Make no mistake, 2017 has been Bitcoin’s revival year. The price broke several all-time-highs multiple times, three years after reaching its previous highest price of $1,149 back in November 2013. And that was only part of the insanity — begun, the crypto bubble has. In the 2010s you don’t really exist until you’re the subject of hundreds of internet memes, though — so here are some of our favorites from this crazy year.
Memes of 2017: The Moon Year
Bitcoin started the year with $960 and went on a wild bull run over to $20,000 in mid December, while all the Internet kept yelling “Moon!” and “Hodl!”
Given all this moon talk, the next meme was kind of obvious. But we’re glad they did it:
This year has seen some big players in the financial world — namely Jamie Dimon, CEO of JPMorgan Chase — take on Bitcoin, calling it “stupid” and laughing at anyone who buys it. And yet, Dimon’s own company ended up buying on a price dip.
We also had anonymous celebrities emerge, like the “Bitcoin Sign Guy”, who very casually trolled Federal Reserve Chairwoman Janet Yellen by showing a notepad with the words “Buy Bitcoin” while on national television. He was then showed the gratitude of hundreds of people who donated over 7 BTC in total at the time of publication.
No meme editing was even necessary in this case, making Bitcoin Sign Guy one of the few live-action memes in Bitcoin lore.
Futures and ICOs
With the opening of Bitcoin Futures contracts from the Chicago Board Options Exchange (CBOE) and the Chicago Mercantile Exchange (CME), more traditional investors will have a chance to (indirectly) invest in bitcoin, with a view to setting a more stable price for the cryptocurrency. We can only hope that Bitcoin will keep reaching more people and climbing in value.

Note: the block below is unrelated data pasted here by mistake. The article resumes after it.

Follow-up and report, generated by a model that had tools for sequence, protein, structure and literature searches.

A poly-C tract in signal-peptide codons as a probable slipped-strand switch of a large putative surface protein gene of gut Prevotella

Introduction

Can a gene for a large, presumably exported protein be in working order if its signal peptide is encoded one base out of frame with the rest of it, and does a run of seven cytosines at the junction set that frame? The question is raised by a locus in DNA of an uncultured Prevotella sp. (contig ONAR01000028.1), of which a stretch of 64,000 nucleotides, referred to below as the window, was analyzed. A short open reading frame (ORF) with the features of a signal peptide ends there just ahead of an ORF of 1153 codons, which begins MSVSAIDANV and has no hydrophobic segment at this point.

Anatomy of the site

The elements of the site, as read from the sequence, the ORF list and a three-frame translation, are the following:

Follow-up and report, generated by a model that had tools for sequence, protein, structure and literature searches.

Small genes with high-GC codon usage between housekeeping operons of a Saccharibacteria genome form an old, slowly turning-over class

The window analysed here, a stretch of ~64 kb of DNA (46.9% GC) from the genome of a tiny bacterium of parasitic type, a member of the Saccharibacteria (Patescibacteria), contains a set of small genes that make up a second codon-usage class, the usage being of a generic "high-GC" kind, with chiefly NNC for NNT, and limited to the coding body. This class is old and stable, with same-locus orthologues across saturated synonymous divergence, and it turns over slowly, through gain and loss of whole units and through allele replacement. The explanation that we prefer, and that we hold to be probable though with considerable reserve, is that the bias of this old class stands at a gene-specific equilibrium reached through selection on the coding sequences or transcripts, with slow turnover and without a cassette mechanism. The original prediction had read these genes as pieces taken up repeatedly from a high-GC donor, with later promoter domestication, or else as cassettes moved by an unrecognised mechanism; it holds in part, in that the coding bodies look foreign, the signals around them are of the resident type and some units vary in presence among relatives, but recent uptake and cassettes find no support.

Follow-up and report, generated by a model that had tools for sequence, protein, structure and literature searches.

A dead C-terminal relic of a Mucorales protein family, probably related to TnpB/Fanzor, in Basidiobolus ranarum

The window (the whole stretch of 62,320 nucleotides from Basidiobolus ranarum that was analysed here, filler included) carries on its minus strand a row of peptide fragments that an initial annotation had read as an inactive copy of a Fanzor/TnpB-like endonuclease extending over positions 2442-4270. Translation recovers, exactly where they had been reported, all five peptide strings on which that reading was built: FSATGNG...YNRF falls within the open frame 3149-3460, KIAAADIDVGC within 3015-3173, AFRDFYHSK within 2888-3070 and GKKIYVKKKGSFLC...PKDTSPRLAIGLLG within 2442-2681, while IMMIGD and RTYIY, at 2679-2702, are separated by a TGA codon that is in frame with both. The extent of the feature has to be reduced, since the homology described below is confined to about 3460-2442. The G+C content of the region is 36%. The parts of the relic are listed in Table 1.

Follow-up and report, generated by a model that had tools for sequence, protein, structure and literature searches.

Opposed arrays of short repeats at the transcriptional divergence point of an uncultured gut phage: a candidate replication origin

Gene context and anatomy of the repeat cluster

After seeing the insane returns bitcoin, altcoins and ICOs were giving their hodlers (people who buy and hold the coin) and other traders, China decided to ban cryptocurrency trading on exchanges — and also to ban start-ups from gathering capital through ICOs (initial coin offerings), which is a kind of crowdfunding technique by which investors give cryptocurrency (usually ether) to the start-up and get a token in return for their investment.
Bitcoiners were able to recycle some of their old memes from 2013-14 for this one:
Cashing in on Forks
In August, after much debate over scaling without consensus, large- and small-blockers went their separate ways and Bitcoin Cash (BCH) appeared. This is a minority though well-supported and contentious fork of the Bitcoin blockchain, which seeks to make Bitcoin a fast and cheap payment network by increasing the block size limit.
It made headlines not only due to the forking event, but also due to the high volatility during certain days, which brought the traders’ attention.
Speaking of forks, some people went out and just made lots of Bitcoin forks after Bitcoin Cash. Some forks were made in the hope to make Bitcoin “more fair” in terms of mining, e.g.: Bitcoin Gold. But some others seem to exist just to make quick money. Expect more of that in 2018, and be warned — the term “initial fork offering” (IFO) is already a thing.
If John McAfee is right and we really do see a $1 million bitcoin within a couple years, hodling just may be one strategy we all may want to apply.
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Cover image via Crypto Rand//Twitter